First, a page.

The issue of patient identity management does not end with PIX, however, because health care’s life-and-death urgency demands service even if the patient’s identity is unknown, as in the case of a number of John and Jane Does who arrive at various emergency departments (ED) after an accident. By law, the ED cannot delay or refuse medical care to an unknown patient in a life-threatening situation, so one or more dummy patient records will have to be opened for the new arrivals. As emergency care is being delivered, the IHE systems are designed to segregate John Doe 1’s records from John Doe 2’s records. As soon as a John Doe’s true identity is known, the IHE framework describes precisely how the temporary records should be updated to reflect the real patient’s identity.
Consistent time also poses a unique challenge for IHE systems, because there is no existing technique to ensure all clinical documentation is date- and time-stamped correctly. A couple of simple examples can illustrate the problem that IHE’s consistent time tools address.
In the first case, consider a patient who requires hourly blood tests to ensure safe and effective multiple drug–cocktail dose management from several infusion pumps. If infusion pumps with internal clocks deliver the drugs, but the infusion pumps’ internal clocks are off by 10 to15 minutes from the real time, the data that is recorded into an IHE-enabled electronic health record may mislead a physician or nurse. This problem can be made much worse if the laboratory blood results are also time-stamped with yet a different internal clock. As with other IHE activities, the IHE-consistent time profile refers to an external agency (www.ntp.org) whose standards specifically address time synchronization for disparate systems.
In the IHE world, most of these enterprisewide requirements are addressed by the ITI, and all of those published frameworks are found in the ITI section of www.IHE.net.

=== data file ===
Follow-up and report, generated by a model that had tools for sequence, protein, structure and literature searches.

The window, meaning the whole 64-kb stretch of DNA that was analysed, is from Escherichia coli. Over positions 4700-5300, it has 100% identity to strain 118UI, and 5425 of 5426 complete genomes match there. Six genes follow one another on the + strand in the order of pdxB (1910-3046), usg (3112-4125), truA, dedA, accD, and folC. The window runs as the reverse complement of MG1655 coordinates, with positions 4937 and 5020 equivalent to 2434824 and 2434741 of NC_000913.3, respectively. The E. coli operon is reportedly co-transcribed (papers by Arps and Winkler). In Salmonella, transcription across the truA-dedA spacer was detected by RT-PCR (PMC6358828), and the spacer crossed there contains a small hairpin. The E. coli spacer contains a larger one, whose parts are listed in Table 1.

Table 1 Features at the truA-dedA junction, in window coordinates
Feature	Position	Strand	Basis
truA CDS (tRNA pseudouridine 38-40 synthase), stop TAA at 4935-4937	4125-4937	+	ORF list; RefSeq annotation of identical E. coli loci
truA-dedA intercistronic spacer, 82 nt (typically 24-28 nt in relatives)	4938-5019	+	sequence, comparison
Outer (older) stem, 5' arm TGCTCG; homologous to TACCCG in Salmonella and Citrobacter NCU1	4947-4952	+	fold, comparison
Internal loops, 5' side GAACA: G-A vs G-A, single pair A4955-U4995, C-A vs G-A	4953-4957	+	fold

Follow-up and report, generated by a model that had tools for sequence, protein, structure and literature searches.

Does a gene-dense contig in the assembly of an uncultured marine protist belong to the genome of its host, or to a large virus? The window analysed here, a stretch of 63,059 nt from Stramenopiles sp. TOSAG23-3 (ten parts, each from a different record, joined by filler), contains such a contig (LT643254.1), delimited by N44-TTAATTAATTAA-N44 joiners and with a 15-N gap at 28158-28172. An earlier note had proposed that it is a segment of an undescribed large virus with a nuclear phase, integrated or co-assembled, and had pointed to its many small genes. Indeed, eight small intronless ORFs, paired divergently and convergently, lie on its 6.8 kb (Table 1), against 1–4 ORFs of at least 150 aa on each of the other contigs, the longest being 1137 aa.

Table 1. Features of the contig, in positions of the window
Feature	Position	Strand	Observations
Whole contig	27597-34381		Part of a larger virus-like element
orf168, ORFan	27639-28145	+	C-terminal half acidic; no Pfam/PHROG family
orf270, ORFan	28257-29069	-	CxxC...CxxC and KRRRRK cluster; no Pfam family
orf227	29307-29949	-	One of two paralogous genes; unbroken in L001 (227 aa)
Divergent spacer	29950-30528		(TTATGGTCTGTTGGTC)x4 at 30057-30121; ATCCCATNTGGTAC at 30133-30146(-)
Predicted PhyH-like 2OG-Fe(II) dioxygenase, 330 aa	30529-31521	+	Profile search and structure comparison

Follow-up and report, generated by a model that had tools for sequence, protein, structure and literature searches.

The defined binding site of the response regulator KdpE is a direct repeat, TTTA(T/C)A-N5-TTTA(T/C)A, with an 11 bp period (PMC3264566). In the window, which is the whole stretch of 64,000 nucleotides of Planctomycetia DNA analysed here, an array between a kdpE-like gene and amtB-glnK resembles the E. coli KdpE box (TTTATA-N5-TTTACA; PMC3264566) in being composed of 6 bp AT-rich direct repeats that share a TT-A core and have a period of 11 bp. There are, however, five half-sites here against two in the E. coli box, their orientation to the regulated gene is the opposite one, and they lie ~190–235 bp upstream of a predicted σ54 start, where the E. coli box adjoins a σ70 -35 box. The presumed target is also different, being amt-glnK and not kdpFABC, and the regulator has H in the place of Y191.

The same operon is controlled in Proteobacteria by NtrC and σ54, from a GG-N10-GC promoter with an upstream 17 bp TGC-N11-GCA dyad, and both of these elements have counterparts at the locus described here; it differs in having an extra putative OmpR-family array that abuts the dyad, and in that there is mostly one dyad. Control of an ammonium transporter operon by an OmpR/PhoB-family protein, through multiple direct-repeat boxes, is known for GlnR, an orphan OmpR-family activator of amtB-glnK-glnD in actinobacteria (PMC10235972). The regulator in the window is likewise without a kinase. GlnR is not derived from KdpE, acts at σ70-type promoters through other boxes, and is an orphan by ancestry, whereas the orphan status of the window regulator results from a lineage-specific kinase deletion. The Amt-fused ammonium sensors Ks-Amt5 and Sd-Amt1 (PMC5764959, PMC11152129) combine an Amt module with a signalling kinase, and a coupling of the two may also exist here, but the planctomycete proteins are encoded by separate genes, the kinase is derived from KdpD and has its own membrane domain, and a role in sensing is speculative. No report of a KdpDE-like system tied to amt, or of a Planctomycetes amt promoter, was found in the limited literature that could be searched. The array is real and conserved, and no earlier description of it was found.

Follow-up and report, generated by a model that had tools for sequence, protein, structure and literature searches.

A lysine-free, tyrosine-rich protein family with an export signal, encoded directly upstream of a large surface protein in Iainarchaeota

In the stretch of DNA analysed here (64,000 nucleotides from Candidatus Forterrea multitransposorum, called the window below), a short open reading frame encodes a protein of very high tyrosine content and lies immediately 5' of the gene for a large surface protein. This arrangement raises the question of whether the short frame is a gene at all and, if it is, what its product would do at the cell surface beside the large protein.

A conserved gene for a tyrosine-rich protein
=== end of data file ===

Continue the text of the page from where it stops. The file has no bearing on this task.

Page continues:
Individual clinical domains such as cardiology, emergency medicine, patient care devices, and radiology have their own unique needs, which include specialized units of measures, unique workflows and process flows, and other attributes. For example, most radiological devices are fixed physical assets that are more or less permanently fixtured in a hospital, and the department or location in the hospital can be inferred if you know which device was used to create an image. By contrast, cardiology devices, such as echocardiology systems, are designed for mobile use, and can even be deployed at the patient’s bedside. Therefore, cardiology-specific IHE profiles may need to have flexible intrahospital location identification data attached to the patient data. In this case, the IHE profile may have to depend on an internal hospital coding standard for those identifications, because a national or international standard is not likely to match that institution’s.
As a second example, patient care devices such as anesthesia systems, ECG monitors, infusion pumps, and ventilators all use particular units of measures to describe their clinical records. Rather than define a new units-of-measure standard identification system, the IHE patient care domain (PCD) has adopted the IEEE/ISO 11073x standards, where such standards exist.
A third and final example of domain interoperability is one of those “the devil’s in the details” cases: identification of clinical gender. In the PCD, there are five different HL7 genders specified: male, female, other, ambiguous, and N/A. Here, flexibility is essential, because the data could be used for cardiac output, radiation/drug dosing, or other calculations, and an inaccurate gender identification could cause a patient safety risk.
This article is intended to take some of the mystery out of the IHE technical framework for clinical engineers and biomedical equipment technicians. All of the published technical frameworks are available at no charge through the www.IHE.net site. In addition, the upcoming frameworks in progress are listed at the site. As IHE-compatible systems are deployed in more health care settings, you will find these published documents are quite clearly written and complete. When you use the framework documents, though, remember that the three interoperability categories—physical, enterprise, and domain—must all be considered and used together in order to understand how the system should operate. Lastly, your input into the development of these frameworks is essential. The committees are open to anyone, so let us know if you are willing to contribute your expertise.
Elliot B. Sloane, PhD, Villanova University; cochair HIMSS/RSNA/ACC IHE Strategic Planning Committee; cochair ACCE/HIMSS IHE patient care device domain. For more information, contact .